Contributed by
National Library of Brazil
The Palais de Justice and Sainte-Chapelle
The Franco-Prussian War was brought about by rising tensions between France and Prussia in the 1860s. France, under Emperor Napoleon III, was determined to check the growth of Prussian power and avenge what it saw as a series of diplomatic humiliations. Prussia, under Chancellor Otto von Bismarck, believed that a Prussian-led war of the German states against France would be a decisive act leading to creation of a unified German empire. The conflict began on July 19, 1870, when France declared war. The French army proved woefully unprepared and suffered ...
Contributed by
National Library of Brazil
Palais de Justice
The Franco-Prussian War was brought about by rising tensions between France and Prussia in the 1860s. France, under Emperor Napoleon III, was determined to check the growth of Prussian power and avenge what it saw as a series of diplomatic humiliations. Prussia, under Chancellor Otto von Bismarck, believed that a Prussian-led war of the German states against France would be a decisive act leading to creation of a unified German empire. The conflict began on July 19, 1870, when France declared war. The French army proved woefully unprepared and suffered ...
Contributed by
National Library of Brazil
Palais de Justice: The Great Hall and Clock Tower
The Franco-Prussian War was brought about by rising tensions between France and Prussia in the 1860s. France, under Emperor Napoleon III, was determined to check the growth of Prussian power and avenge what it saw as a series of diplomatic humiliations. Prussia, under Chancellor Otto von Bismarck, believed that a Prussian-led war of the German states against France would be a decisive act leading to creation of a unified German empire. The conflict began on July 19, 1870, when France declared war. The French army proved woefully unprepared and suffered ...
Contributed by
National Library of Brazil
Union Buildings in Pretoria, South Africa
This photograph shows the eastern facade of the Union Buildings in Pretoria, South Africa. These buildings, 285-meters long and built from light sand stone, were designed in the English monumental style by the architect Sir Herbert Baker (1862-1946). The cornerstone was laid in November 1910, shortly after the Union of South Africa was formed. Construction was completed in 1913, at a cost of £1,310,640 for the buildings and £350,000 for the building site. The stamp on the back of the photograph reads: “Alan Yates, 240 Andries str ...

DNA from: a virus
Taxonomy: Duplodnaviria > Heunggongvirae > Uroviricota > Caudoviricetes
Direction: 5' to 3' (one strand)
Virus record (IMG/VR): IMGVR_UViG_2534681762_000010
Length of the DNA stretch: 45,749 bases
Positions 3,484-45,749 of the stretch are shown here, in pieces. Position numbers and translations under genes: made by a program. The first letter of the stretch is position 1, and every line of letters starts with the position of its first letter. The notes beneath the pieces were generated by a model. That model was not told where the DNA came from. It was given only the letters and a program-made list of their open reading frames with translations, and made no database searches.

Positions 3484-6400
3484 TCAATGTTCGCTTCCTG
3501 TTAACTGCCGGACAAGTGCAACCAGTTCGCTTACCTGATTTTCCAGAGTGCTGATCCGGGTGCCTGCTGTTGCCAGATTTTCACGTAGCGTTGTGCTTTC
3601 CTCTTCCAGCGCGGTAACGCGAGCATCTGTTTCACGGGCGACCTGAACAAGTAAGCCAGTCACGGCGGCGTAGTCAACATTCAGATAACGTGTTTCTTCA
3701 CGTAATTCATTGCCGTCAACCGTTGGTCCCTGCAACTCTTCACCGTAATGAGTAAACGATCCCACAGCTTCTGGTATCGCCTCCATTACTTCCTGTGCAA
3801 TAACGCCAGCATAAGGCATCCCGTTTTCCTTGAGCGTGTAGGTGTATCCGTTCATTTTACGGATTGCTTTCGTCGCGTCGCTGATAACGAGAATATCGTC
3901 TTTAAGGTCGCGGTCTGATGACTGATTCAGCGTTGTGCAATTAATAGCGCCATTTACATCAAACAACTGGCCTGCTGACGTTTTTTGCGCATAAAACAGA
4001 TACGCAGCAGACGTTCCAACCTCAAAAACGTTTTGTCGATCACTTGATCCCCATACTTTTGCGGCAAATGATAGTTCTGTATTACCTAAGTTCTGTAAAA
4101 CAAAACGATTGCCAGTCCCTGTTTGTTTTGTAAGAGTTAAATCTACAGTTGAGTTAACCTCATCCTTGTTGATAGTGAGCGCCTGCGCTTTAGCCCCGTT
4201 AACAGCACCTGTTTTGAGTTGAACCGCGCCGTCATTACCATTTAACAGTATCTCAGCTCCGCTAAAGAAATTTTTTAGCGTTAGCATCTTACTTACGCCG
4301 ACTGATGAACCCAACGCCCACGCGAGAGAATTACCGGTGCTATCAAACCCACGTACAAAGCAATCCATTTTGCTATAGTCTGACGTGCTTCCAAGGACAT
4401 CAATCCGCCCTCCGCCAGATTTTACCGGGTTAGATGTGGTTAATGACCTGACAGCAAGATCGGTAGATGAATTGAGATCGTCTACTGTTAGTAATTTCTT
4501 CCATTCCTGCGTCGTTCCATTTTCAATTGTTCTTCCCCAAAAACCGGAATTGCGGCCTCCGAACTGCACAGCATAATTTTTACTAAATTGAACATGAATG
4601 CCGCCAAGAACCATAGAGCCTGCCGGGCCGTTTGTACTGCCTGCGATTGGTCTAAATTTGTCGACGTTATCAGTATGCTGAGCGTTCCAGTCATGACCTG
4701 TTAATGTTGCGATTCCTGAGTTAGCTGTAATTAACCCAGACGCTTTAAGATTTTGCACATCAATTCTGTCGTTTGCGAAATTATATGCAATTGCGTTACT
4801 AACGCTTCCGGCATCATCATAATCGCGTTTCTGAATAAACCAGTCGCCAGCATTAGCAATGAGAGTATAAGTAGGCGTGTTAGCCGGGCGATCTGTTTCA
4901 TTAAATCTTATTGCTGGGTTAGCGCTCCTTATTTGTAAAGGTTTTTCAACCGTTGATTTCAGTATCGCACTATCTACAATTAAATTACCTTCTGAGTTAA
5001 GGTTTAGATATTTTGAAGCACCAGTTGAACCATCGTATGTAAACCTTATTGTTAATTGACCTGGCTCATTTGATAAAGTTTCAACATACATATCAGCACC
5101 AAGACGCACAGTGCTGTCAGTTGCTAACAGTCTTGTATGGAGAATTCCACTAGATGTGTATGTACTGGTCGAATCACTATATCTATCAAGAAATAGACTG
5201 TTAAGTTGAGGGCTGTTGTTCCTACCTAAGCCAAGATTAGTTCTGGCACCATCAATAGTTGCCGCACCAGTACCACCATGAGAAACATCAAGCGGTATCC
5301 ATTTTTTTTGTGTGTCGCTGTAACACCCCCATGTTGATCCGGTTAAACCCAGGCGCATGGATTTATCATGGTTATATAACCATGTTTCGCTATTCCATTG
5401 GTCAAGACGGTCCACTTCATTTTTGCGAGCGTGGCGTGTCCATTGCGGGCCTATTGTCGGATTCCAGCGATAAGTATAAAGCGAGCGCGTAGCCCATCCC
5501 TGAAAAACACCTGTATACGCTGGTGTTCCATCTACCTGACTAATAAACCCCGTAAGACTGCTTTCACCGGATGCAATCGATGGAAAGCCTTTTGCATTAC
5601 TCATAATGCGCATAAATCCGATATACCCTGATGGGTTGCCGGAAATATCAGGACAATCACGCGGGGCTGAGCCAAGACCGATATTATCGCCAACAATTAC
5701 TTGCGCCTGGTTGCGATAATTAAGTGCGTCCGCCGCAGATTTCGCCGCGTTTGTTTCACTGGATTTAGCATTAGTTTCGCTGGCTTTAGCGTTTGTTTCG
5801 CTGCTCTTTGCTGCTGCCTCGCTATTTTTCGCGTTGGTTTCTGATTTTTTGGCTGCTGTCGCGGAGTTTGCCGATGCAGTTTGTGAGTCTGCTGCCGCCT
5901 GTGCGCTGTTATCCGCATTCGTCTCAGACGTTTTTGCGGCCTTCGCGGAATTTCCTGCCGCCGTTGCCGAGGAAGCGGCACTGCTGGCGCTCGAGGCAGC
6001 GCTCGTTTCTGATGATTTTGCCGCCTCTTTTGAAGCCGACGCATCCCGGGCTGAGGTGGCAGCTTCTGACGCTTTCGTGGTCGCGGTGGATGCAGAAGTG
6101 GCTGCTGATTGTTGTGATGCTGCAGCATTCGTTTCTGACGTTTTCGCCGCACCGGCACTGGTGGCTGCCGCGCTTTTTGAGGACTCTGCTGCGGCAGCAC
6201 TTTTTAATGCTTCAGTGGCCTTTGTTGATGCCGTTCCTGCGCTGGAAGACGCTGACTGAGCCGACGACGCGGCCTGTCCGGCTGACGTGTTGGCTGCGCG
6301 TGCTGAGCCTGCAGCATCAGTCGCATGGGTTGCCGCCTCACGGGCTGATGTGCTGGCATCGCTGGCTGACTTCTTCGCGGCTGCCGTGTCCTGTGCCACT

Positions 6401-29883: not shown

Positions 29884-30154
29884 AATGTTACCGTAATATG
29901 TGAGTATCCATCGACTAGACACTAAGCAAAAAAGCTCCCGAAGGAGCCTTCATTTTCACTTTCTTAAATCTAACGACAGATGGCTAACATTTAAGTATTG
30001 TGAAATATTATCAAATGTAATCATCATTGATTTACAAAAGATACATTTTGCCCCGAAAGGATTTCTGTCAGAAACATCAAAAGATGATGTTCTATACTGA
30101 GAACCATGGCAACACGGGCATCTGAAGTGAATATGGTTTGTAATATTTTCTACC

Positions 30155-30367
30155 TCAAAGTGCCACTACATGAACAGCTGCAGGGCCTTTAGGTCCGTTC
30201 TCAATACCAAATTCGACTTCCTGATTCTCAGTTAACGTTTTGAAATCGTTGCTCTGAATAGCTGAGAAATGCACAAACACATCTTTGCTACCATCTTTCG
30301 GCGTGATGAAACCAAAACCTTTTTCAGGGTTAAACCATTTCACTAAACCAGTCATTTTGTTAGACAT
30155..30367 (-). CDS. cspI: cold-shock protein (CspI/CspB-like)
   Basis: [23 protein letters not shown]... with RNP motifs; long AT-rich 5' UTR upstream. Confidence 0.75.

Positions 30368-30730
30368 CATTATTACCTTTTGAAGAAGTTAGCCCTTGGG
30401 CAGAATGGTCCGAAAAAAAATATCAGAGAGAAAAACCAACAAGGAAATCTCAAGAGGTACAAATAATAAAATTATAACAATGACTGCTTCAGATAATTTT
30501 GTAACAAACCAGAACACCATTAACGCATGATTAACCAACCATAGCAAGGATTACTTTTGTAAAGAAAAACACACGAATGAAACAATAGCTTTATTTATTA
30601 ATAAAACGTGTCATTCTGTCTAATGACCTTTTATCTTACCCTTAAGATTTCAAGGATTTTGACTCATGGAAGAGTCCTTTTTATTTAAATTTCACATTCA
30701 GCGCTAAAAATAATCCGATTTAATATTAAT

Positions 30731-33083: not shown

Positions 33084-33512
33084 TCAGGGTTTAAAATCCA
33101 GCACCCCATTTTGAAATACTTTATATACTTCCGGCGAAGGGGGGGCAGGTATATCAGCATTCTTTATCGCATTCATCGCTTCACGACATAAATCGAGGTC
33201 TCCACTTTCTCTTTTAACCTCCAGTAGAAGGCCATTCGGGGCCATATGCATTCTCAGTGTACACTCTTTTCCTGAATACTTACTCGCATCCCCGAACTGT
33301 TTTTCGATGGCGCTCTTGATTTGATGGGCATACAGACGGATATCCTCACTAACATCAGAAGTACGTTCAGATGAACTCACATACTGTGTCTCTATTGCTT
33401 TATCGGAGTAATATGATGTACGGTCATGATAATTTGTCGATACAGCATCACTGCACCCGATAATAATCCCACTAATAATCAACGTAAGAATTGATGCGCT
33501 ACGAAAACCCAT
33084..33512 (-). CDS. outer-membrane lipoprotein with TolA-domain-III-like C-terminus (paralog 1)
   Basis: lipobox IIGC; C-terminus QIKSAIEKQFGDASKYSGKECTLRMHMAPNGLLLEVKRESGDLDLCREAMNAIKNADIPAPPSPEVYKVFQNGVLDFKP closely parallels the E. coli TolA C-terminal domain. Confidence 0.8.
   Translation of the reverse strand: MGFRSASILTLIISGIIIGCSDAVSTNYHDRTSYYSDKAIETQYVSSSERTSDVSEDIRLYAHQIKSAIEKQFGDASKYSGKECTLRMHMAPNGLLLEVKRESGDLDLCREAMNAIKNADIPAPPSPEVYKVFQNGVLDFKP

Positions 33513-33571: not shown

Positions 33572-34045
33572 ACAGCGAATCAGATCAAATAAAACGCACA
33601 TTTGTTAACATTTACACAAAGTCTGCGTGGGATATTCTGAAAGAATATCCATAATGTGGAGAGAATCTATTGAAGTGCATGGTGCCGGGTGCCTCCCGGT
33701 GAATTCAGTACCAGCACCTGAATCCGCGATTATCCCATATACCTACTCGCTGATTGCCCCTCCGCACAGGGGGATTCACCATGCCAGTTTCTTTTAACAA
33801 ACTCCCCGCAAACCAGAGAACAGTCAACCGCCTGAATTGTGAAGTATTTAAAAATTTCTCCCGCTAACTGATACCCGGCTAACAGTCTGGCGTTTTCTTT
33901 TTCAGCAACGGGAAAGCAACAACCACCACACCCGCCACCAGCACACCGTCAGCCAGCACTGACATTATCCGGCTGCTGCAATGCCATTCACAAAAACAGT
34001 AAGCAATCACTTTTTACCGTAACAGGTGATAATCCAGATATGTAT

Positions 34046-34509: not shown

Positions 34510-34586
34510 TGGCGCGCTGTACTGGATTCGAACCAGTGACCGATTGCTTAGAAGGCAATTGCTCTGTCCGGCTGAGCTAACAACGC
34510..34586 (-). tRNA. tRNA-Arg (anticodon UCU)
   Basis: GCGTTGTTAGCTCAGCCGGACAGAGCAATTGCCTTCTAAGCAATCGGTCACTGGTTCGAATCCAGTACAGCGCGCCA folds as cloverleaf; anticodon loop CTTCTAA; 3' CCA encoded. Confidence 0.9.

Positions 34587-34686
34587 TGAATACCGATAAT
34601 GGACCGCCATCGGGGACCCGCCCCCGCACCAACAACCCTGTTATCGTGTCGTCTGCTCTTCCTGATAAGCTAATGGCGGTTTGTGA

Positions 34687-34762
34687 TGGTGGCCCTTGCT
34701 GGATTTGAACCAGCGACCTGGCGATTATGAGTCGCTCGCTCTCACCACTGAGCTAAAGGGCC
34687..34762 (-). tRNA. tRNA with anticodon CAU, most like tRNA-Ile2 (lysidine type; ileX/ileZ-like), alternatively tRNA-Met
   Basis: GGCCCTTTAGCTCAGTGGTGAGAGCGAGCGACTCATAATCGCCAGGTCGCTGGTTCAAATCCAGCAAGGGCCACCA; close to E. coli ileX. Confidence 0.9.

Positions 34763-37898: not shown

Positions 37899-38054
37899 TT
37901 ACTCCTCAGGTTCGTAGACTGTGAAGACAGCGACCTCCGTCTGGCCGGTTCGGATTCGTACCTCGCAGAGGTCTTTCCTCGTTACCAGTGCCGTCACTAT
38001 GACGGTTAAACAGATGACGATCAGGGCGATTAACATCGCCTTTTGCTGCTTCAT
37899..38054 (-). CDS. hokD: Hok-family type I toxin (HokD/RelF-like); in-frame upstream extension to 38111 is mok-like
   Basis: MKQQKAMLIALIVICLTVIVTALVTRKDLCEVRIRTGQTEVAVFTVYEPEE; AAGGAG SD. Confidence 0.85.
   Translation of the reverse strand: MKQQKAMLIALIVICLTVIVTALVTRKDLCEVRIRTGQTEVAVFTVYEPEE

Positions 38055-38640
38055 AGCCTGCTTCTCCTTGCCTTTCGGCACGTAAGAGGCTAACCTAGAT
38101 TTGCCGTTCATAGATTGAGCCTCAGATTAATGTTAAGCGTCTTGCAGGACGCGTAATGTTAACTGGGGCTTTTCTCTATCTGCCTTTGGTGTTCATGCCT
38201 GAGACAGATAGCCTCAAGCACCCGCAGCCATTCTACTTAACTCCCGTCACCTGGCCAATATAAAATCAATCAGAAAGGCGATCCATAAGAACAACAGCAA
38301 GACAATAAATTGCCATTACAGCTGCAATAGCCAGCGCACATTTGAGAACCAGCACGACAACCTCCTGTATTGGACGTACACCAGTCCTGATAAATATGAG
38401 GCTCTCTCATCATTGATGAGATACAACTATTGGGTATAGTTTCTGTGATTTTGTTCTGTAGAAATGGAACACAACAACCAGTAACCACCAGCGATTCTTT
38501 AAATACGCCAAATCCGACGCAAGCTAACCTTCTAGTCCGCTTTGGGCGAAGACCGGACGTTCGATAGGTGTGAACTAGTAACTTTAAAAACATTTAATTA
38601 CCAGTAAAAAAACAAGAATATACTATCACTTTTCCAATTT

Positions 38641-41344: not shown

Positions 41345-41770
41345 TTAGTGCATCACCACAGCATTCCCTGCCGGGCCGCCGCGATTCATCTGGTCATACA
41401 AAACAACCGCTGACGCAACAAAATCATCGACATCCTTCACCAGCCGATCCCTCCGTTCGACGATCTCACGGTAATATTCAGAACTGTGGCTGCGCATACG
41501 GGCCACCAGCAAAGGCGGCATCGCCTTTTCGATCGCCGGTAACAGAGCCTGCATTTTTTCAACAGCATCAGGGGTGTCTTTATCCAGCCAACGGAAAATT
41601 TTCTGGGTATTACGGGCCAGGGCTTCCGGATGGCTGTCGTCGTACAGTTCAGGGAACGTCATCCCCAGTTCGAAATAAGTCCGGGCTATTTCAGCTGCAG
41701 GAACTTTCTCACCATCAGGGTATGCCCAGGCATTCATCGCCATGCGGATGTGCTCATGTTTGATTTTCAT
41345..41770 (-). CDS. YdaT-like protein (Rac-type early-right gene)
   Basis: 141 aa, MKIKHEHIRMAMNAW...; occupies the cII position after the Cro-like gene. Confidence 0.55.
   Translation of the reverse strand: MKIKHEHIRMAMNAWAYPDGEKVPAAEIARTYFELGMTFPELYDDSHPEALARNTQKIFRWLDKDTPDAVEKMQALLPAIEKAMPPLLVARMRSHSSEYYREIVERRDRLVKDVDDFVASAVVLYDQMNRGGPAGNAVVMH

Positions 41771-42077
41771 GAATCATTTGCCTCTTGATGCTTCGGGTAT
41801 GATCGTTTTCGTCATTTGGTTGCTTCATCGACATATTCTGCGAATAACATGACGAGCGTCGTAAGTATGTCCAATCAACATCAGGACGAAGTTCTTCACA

Contributed by
University of Pretoria Library
City Hall and Fire Tower (Mid-19th Century), Ustiuzhna, Russia
This view of the fire tower (kalancha) and town hall (gorodskaia duma) in Ustiuzhna (Vologda Oblast) was taken in 1998 by Dr. William Brumfield, American photographer and historian of Russian architecture, as part of the "Meeting of Frontiers" project at the Library of Congress. Located on the Mologa River (a tributary of the Volga River), Ustiuzhna was known already in the mid-13th century for its rich deposits of bog iron, which led to its development as one of the earliest Russian centers of metalworking. Fire was a perennial scourge of ...
Contributed by
Library of Congress
Maison du Franc, Bruges, Belgium
This photochrome print of the Maison du Franc in Bruges is part of “Views of Architecture and Other Sites in Belgium” from the catalog of the Detroit Publishing Company (1905). The Maison du Franc, also known as Landhuis van het Brugse Vrije (Palace of the Liberty of Bruges) was built in the 1720s, on the basis of the designs of the architect Jan van der Cruycen, and stands at the center of Bruges on the site of an older, 16th-century building. The structure, whose architecture reflects classical and baroque elements ...
Contributed by
Library of Congress
Palace of the Nation, Brussels, Belgium
This photochrome print of the Palace of the Nation in Brussels is part of “Views of Architecture and Other Sites in Belgium” from the catalog of the Detroit Publishing Company (1905). The Paleis der Natie, or Palais de la Nation, is a neoclassical building that faces the Royal Palace, or Palais Royal, and that has served as the seat of the Belgian parliament since the country’s independence in 1830. The building was constructed in 1779–83 for the assemblies of the old Council of Brabant, according to a design ...
Contributed by
Library of Congress
Hôtel de Ville, Paris, France